The experience has been interesting to say the least. As you would expect, some websites are poorly designed, unnecessarily complicated and make it very difficult to donate. One website I used was actually misleading - getting the user to set up a monthly subscription when the user thought they were going to make a one off payment (if you didn't see the check box with the small print..).
Most website design guides focus on layout/composition, colour, texture, typography and imagery. Modern web designs will have you focus on social aspects - such as design for sign-up, on-going participation, collective intelligence and sharing. I'm not going to dig into these topics (it's easy to look up) - but the good and the bad are exemplified in the two examples I've chosen to illustrate the experience.
I will apologise here for making an example of the bad (the Leukemia & Lymphoma Society) - but in doing so I hope this will be seen as constructive criticism that will have a material effect on direct website donations.
Remember: my objective is to donate money, quickly.
The Bad: Leukemia & Lymphoma Society
This site is confusing. The site serves 4 purposes - informs users, get donations, get visitors involved and providing practical support for sufferers of blood cancers.
I'll highlight some of the main issues
- Objective: the intentions of the site are hidden or downplayed. The "Donate" and "Resource center" links do have a prominent place on the page - but are easy to miss and could be better promoted.
- Readability : small font, small controls, poor contrast and branding all affect the readability of the site. The multi-toned brown background with blue text serves no purpose and detracts from the readability of the text. The tiny navigation controls are a challenge for anyone using a mouse (never mind a finger on a tablet or phone).
- Structure: there is no page structure and information is arranged haphazardly across the page. There are no clear regions on the page for the 4 objectives of the site.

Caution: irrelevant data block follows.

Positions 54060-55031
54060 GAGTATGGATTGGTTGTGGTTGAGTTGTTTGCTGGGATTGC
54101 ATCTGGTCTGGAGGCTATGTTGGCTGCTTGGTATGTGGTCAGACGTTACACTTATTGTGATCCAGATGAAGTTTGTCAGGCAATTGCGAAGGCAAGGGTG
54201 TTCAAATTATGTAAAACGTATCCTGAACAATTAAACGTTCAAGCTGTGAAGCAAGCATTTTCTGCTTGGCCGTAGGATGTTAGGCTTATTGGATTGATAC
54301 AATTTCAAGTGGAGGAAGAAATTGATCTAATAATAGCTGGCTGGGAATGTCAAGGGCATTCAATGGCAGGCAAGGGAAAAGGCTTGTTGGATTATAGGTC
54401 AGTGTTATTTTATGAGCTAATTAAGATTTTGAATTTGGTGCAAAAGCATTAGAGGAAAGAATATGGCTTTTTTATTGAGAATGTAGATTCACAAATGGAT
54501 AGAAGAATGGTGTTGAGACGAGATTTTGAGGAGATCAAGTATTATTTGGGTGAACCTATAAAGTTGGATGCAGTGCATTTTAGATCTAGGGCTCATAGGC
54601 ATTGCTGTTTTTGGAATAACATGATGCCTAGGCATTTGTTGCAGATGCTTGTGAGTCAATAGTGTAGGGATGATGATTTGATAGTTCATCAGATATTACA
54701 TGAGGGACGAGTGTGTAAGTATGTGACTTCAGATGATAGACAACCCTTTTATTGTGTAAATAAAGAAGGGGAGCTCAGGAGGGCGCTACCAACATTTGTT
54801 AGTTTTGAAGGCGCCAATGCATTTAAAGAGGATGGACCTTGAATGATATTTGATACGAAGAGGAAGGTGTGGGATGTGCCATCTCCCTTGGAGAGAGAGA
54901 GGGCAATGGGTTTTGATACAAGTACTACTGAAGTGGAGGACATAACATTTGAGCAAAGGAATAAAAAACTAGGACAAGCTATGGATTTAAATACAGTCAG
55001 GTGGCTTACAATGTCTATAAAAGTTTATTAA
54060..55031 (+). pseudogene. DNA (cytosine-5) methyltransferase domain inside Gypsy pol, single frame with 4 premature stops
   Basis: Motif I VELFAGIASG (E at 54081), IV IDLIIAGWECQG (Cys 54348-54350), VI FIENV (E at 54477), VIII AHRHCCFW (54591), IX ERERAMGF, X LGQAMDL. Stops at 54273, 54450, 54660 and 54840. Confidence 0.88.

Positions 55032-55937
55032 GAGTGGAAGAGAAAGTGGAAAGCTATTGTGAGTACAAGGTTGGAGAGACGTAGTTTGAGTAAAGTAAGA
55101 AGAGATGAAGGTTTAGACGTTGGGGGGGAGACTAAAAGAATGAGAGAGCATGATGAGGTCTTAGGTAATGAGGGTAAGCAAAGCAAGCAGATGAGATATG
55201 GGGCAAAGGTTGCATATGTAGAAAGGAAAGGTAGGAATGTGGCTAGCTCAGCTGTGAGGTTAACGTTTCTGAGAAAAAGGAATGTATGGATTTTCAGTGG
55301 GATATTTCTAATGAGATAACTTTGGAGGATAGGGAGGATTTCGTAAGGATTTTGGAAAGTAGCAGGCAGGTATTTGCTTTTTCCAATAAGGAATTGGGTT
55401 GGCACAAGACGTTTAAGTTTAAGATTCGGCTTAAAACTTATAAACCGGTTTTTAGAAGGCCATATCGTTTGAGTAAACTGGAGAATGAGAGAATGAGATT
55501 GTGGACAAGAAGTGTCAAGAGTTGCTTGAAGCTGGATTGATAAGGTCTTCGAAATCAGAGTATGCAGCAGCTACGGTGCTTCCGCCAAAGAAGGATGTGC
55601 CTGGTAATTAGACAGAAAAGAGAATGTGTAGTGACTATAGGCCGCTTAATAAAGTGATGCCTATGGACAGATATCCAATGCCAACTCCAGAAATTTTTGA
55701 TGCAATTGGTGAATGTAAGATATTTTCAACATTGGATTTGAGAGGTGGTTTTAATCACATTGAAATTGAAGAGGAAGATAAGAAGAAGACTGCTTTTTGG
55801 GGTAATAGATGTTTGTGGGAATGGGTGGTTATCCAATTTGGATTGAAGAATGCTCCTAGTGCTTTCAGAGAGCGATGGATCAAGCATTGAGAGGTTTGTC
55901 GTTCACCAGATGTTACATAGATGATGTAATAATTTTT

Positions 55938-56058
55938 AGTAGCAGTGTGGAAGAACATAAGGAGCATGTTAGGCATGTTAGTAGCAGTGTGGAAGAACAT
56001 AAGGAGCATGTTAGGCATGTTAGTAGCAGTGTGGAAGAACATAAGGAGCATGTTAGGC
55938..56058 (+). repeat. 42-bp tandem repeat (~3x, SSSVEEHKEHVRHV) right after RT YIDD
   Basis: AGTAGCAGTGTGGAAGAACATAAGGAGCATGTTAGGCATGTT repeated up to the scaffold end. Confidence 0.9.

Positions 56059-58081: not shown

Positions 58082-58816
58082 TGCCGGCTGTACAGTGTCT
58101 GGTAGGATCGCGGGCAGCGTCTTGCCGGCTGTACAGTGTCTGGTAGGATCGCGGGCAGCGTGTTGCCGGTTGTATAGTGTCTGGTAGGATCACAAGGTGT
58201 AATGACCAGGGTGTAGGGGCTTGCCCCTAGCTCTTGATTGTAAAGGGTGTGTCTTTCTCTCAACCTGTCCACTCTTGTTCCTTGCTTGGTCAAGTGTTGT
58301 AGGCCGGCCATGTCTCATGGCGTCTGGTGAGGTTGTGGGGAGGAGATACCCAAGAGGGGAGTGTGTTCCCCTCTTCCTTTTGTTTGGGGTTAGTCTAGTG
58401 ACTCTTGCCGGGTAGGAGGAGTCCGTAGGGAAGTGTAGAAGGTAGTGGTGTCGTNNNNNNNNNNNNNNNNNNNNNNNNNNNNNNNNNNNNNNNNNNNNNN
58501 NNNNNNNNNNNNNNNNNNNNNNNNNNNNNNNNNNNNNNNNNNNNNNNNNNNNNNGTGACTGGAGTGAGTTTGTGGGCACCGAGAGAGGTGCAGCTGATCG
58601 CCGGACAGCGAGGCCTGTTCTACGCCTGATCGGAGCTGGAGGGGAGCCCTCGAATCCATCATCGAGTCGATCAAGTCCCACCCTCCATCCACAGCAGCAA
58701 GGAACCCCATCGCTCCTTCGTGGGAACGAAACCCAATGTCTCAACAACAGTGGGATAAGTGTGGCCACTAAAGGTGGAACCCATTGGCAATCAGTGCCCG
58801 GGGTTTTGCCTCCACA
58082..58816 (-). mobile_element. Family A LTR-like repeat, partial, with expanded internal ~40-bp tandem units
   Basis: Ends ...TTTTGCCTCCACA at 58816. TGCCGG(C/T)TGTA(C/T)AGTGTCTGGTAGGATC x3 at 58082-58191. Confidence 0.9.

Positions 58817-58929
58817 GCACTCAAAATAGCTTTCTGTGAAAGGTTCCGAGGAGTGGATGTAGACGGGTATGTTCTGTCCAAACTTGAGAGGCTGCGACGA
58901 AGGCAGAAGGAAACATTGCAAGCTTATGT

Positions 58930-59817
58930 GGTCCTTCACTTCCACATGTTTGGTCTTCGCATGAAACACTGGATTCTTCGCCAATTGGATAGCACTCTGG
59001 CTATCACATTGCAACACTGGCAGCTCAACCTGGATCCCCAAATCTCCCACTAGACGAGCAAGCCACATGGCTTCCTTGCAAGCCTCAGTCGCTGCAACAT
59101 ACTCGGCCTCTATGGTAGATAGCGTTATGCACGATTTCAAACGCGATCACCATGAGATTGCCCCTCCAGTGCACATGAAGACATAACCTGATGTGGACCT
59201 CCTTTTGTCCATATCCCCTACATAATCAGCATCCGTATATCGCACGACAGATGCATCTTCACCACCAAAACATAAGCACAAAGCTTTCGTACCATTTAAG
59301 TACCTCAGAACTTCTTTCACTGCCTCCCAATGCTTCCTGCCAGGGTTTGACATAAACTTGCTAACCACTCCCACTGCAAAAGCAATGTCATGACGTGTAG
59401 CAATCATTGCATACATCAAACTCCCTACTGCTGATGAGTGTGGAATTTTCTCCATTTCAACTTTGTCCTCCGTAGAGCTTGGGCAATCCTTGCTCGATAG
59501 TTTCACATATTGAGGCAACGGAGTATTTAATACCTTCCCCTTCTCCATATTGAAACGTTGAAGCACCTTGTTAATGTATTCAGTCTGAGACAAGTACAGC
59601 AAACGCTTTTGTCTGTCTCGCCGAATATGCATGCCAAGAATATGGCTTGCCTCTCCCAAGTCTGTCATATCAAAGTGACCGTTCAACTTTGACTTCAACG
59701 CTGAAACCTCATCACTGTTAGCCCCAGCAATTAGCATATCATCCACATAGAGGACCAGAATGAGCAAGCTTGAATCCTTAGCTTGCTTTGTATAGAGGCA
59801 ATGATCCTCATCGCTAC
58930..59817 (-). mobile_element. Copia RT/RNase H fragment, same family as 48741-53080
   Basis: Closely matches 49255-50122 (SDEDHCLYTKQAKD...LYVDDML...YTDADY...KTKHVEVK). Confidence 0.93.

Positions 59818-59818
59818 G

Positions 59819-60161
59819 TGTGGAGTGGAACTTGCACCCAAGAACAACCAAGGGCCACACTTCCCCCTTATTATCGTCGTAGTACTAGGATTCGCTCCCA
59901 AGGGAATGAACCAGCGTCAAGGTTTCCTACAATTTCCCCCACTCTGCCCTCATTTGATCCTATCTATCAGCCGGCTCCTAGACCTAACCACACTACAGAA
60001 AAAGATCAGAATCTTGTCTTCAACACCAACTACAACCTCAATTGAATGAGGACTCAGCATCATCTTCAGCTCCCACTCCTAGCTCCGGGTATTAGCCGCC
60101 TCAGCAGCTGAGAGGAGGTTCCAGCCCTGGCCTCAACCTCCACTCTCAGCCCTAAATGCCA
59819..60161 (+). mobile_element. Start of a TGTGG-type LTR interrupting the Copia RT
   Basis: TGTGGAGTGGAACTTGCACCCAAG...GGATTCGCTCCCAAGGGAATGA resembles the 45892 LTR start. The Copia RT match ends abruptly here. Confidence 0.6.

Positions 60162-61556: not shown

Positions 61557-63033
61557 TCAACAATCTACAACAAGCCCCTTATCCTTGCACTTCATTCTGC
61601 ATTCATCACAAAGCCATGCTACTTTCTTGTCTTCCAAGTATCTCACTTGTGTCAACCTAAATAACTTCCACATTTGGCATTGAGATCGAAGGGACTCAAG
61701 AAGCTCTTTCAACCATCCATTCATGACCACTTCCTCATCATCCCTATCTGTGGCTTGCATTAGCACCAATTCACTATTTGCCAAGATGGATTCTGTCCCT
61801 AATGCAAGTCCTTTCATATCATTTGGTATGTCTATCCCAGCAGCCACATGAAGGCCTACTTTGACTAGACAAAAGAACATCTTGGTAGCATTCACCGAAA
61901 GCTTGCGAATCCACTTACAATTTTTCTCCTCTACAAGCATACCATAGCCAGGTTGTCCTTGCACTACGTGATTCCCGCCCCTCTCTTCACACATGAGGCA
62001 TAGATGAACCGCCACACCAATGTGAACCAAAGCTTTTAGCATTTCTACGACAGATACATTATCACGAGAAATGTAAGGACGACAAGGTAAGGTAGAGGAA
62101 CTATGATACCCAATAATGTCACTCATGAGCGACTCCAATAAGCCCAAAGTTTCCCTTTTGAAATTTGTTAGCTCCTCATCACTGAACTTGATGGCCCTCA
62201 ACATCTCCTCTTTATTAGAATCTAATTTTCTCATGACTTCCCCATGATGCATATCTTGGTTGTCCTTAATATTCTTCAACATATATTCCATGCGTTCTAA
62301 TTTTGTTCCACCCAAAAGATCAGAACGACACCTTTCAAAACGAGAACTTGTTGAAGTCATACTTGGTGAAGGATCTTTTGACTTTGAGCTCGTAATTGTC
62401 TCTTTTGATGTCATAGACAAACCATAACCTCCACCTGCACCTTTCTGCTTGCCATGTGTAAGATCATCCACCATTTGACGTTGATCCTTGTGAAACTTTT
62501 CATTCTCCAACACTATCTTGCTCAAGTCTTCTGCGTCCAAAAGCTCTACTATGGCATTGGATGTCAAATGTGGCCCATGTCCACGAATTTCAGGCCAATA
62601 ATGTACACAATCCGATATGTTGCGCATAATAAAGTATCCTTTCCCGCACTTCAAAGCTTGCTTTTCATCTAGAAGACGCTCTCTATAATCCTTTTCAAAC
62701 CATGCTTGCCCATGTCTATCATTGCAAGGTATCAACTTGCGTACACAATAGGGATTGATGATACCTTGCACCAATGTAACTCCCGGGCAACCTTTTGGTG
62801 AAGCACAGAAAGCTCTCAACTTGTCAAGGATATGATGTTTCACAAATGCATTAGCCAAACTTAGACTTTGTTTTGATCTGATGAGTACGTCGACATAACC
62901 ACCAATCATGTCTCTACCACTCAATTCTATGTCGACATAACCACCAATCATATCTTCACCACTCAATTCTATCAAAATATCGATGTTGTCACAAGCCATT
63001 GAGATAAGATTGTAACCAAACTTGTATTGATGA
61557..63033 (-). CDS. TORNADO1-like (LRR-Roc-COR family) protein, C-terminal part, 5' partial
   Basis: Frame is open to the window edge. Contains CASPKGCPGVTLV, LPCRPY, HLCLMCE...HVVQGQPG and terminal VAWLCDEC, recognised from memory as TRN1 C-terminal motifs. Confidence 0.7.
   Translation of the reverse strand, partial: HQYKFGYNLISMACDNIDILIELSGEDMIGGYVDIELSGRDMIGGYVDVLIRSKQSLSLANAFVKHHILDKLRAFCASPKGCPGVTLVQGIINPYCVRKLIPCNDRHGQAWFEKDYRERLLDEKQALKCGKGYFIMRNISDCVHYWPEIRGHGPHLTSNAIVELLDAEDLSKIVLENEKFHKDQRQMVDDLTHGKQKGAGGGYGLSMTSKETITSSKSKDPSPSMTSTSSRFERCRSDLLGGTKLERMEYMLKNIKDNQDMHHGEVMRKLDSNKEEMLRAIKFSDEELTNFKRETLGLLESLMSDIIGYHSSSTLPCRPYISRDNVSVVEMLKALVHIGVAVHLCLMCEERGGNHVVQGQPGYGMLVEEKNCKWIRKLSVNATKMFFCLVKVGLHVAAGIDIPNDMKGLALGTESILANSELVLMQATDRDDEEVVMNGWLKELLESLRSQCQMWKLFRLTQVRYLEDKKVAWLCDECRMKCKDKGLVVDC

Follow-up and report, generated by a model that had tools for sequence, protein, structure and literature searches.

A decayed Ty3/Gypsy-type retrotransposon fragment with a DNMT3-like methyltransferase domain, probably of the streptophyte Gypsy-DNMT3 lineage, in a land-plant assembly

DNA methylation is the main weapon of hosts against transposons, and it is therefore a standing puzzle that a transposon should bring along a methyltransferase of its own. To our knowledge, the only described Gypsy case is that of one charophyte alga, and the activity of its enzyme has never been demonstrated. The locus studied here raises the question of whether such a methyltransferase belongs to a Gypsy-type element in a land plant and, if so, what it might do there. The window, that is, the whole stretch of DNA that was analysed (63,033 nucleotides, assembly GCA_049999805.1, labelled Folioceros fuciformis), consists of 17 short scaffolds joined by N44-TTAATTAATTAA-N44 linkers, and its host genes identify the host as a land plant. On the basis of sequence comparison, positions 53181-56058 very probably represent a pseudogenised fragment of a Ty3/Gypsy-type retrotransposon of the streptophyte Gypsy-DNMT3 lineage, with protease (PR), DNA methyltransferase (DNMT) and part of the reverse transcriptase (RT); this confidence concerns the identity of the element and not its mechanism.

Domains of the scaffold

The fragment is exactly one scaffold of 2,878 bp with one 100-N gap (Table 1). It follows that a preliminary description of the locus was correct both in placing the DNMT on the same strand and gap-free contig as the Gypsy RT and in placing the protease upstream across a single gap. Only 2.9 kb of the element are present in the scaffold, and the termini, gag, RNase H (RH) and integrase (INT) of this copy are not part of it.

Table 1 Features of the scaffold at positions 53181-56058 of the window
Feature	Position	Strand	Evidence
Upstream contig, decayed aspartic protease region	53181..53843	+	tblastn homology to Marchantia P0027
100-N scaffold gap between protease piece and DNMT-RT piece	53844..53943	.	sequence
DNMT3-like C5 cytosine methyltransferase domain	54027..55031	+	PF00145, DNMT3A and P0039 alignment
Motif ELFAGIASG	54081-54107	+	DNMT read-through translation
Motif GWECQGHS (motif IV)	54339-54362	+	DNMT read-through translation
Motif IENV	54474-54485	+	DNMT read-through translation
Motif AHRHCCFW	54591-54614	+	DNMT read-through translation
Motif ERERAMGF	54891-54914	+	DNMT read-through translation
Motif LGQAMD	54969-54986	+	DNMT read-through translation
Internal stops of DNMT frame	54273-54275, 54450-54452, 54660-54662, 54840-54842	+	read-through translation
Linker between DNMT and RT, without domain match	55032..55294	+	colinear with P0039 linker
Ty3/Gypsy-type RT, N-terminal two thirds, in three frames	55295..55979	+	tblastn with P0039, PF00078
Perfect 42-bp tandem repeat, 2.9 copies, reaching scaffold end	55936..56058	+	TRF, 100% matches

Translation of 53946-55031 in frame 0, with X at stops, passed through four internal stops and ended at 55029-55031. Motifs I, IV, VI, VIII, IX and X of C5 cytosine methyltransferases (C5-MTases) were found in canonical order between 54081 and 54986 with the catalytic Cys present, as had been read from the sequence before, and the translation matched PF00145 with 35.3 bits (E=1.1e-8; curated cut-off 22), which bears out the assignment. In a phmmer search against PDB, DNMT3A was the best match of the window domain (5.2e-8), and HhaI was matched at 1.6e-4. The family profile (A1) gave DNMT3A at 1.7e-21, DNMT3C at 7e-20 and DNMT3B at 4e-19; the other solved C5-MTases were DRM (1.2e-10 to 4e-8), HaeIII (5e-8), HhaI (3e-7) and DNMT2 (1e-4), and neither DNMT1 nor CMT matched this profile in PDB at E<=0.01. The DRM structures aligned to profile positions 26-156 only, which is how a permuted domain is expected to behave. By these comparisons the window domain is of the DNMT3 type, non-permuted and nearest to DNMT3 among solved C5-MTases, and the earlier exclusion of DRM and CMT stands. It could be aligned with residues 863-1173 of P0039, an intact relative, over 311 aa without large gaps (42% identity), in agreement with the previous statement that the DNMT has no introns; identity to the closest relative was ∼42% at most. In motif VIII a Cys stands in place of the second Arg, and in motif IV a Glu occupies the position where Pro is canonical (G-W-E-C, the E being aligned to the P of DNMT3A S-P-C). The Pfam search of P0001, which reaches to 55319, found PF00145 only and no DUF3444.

- Content: the content on the site is misplaced. First the "contact and information specialist" - sits in the middle of the page - (when on most sites it would be at the bottom) - and there is no clear indication of why you need to contact a specialist. The second issue is the news feed - that mixes up genuine news with requests for users to get involved.
- Social: Focus on sharing or communicating to others is a small icon bar at the foot of the page.
Once you click the Donate link - you are navigated to a second page full of text and links. Unfortunately the donate page reads like a contract.
True, there is more to giving than through an online donation - but how much do you lose by forcing the user to read through this and click again to donate?
All that text makes the site less engaging.
The Good : Water.org
By contrast, water.org is a much simpler and easier to use site.
- Objective: clearly identified with two large buttons on the top of the screen - "Donate" and "Get Involved".
- Readability : big font, big controls make this site easy to read and navigate around. branding is kept to a minimum and does not dominate the page or style.
- Structure:The page cascades down giving you more information as you work down the page. The page is laid out like a tabloid - with the headline dominating the center of the page, and the lower half of the page being simply structured in 3 columns.
- Content: the content on the site is well structured. The 3 columns have a clear purpose - facts, news and follow on actions.
- Social: The foot of the page is dedicated to sharing. the badge is large and difficult to miss. It boldly says "Follow Us" and asks you to engage.
When you click the "Donate" button on the page - you are taken to a page to capture your credit card details to make a donation. Simple.
Instructions to donate by other methods are also displayed on the screen.
Design matters in everything. Whether the site is an internal intranet or a public site - take time to focus on the objectives of the site and try to incorporate the good elements of web page design. Don't try to inflict your personal or corporate style on others if that detracts from the objective of the site.